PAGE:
THE APPEAL does not believe, as Mr. Harding puts it, that there is a "fundamental, eternal and unescapable difference between the races." To do so would be to challenge God and Christianity. It is a distinct departure from the ideals of the founders of the Republic who declared that "all men are created equal and endowed by their Creator with certain inalienable rights, among them life, liberty and the pursuit of happiness."…There are just as many differences between the individuals of any one race as their (sic) are between the people of any number of races. The idea of race differentiation in any form in the law, in the functions of the government, and in public association is contrary to a just concept of a democracy in which all men are presumed to be equal, and is repugnant to the highest ideals of the Christian's God, who is declared to have made of one blood all nations of men. If Mr. Harding is right, Christianity is wrong…

--The Appeal, Saint Paul, Minnesota, November 5, 1921, page 2

In other news, the Japanese Premier Takahashi Hara was assassinated, as reported by newspapers around November 4 and 5, 1921. The whole cabinet resigned.

Wednesday, November 2, 2011

People Who Get Things

When I was little, I looked forward to when my parents would go out of town and leave me and my brother with our usual babysitter, our family friend "Aunt" Chris (aka Christine Agnes Camp). She was chronologically an adult, but to me at least, she was more like a playmate or a friend. We loved when she'd play "Octopus," when she'd get on the ground and chase us around. I think most of all, she wasn't afraid to be a kid with us.

The thing that I think of most now is that she "got" the realm of fantasy and make-believe. She brought over the old BBC Narnia movies (taped from PBS, I believe) and watched them with us. OK, I'm not sure my brother actually watched them; he's never liked fantasy at all (you should hear him vent about how Quidditch is a fraud!). But Aunt Chris and I did, and then we discussed how faithful to the books (or not) they were.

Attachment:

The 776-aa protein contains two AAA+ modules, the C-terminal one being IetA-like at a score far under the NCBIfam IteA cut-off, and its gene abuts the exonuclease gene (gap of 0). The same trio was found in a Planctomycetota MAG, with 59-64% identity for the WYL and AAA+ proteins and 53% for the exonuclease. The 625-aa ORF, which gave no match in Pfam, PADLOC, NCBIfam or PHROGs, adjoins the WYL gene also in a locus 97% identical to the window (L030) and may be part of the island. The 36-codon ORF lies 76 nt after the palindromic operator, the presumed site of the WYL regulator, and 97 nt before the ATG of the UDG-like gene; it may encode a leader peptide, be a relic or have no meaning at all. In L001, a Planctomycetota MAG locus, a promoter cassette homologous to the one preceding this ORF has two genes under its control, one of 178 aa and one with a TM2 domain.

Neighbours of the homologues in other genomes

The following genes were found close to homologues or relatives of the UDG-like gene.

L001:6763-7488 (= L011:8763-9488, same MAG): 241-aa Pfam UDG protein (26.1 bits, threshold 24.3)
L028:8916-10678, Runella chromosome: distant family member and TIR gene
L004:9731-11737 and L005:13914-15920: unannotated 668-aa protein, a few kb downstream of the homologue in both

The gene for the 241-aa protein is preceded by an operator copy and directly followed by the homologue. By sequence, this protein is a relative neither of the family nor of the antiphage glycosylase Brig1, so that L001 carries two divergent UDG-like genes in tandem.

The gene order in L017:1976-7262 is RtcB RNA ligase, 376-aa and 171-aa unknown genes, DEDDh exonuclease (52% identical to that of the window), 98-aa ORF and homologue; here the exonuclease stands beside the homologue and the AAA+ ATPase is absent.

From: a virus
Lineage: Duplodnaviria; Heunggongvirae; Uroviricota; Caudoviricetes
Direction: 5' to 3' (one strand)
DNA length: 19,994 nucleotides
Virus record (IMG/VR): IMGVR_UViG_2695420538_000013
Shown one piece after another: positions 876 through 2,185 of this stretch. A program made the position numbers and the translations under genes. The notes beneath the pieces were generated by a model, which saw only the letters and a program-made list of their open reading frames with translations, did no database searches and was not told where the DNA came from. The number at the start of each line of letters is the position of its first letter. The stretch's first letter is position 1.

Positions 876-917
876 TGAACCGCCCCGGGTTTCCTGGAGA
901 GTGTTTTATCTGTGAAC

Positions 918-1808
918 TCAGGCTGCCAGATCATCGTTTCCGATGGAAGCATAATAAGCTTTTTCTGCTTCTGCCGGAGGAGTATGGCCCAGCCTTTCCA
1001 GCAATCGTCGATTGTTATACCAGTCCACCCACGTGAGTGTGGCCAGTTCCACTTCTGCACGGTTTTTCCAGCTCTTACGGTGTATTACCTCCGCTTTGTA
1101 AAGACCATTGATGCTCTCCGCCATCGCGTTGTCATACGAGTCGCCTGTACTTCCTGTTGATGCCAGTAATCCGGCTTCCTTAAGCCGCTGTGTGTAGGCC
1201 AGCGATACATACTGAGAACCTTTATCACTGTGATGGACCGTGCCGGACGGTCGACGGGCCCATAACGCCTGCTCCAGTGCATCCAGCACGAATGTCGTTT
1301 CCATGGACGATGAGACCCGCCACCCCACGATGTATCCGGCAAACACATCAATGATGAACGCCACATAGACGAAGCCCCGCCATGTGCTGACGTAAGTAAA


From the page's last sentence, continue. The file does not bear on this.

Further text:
Today, I'm amazed now that probably the majority of people I know (including several of the VERY dearest people to me) just don't "get" fantasy at all. If they try to watch a movie or read a book set in another world, they just can't follow it. (Which means that some of the people dearest to me will never "get"--and probably never even be able to read--the Christian-romance-fantasy-with-pirates novel that Maggie Phillippi and I wrote and are putting the final edits on now.) Now, I do have a hard time getting into adult fantasy books, but I'm just SO fascinated by the realm of the imaginary and the speculative.

Aunt Chris passed away fairly suddenly a couple weeks ago. I'm grateful she loved Jesus, but it's still sad. I don't know if she would have been interested in reading a romance, but it hit me that she may have been one of the people who might have "got" that book Maggie and I wrote. I'll never know now...or at least not this side of the grave for sure.

Monday, October 31, 2011

Pirate Julie

OK, if I can't post pictures of myself in pirate costumes on Halloween, when can I?

(Oh, I made all those clothes, by the way.  Just not the hat/headscarf/socks/shoes.)